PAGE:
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HEALTH CARE EDITION
Two years in, Austin has spent hundreds of millions on COVID19 aid Austin has spent hundreds of millions of dollars on COVID-19 support since February 2020, and ocials are still spending millions more to address lingering public health needs and general commu- nity services. A signicant portion—more than $286 mil- BY BEN THOMPSON FEDERAL FUNDING City leaders are using nearly $190 million from one of the federal government’s most signicant COVID-19 relief packages, the American Rescue Plan Act, on various public health and economic e orts linked to the pandemic. The funds must be used by the end of 2024. FY 2020-21 allocations FY 2021-22 allocations FY 2020-21 spent or encumbered * $6M Total
lion—of the funds have come from various federal programs and relief packages including the Coro- navirus Aid, Relief and Economic Security Act and American Rescue Plan Act, or ARPA. Additionally, the Federal Emergency Management Agency, or FEMA, could still reimburse nearly $100 million. However, the city could foot up to $150 million. That money is directly tied to sta responding to the pandemic and will likely have to be sup- ported by city dollars without federal reimburse- ment, according to ocials. The city has also set aside tens of millions of dollars through 2022 and beyond to manage the pandemic. Council voted to approve $41.91 million in pandemic-related contracts with various orga- nizations June 9 and extend its contract for an isolation center for up to $744,000. While much of the spending has been directly focused on the pandemic, city ocials have said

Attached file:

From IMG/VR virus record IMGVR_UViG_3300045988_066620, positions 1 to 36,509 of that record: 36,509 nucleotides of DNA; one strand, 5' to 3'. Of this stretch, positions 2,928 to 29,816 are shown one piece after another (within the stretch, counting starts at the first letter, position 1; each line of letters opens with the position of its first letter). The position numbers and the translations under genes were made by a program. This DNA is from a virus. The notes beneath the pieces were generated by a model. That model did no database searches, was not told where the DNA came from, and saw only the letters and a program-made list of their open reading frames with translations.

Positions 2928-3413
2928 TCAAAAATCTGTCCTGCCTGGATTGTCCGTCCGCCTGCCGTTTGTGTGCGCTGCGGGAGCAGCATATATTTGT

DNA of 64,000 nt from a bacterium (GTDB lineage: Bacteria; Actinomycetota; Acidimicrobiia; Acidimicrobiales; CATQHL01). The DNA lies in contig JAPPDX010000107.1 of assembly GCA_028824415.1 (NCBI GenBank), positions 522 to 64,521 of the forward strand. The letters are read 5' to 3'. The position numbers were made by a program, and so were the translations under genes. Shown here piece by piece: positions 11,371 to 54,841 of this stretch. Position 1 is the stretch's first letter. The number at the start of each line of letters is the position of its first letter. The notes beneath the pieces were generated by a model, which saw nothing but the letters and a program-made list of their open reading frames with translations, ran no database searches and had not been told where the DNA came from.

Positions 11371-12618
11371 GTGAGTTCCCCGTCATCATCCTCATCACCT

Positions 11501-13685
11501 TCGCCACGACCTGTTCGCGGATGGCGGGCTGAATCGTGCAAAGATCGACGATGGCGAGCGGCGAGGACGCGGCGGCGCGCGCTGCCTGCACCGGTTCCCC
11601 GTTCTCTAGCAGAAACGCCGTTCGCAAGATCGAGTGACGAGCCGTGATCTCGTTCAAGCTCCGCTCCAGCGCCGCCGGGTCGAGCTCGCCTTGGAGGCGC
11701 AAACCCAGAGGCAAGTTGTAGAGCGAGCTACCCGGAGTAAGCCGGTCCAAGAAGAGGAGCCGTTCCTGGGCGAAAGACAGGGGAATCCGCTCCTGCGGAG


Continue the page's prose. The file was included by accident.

Medical and public
health needs $0M
Total allocations for
Total allocations for
*ASSIGNED TO A PROJECT BUT NOT SPENT
SOURCE: CITY OF AUSTINCOMMUNITY IMPACT NEWSPAPER
food access and workforce development. More than half of Austin’s ARPA allotment was directed to homelessness last spring, with just under $5 million spent so far. Much of the remain- der is expected to go out this year through larger contracts for housing and supportive services.
they are also aiming the “historic” amount of federal ARPA dollars received at many other eco- nomic, health and safety initiatives. City Council voted June 9 to appropriate the remaining $94.28 million of the city’s $188.5 million for other work, including support for the city’s creative sector,
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AUSTIN • BASTROP • CEDAR PARK • GEORGETOWN • HARKER HEIGHTS KYLE • LAKEWAY • MARBLE FALLS • ROUND ROCK • SAN MARCOS
SOUTHWEST AUSTIN DRIPPING SPRINGS EDITION • JUNE 2022
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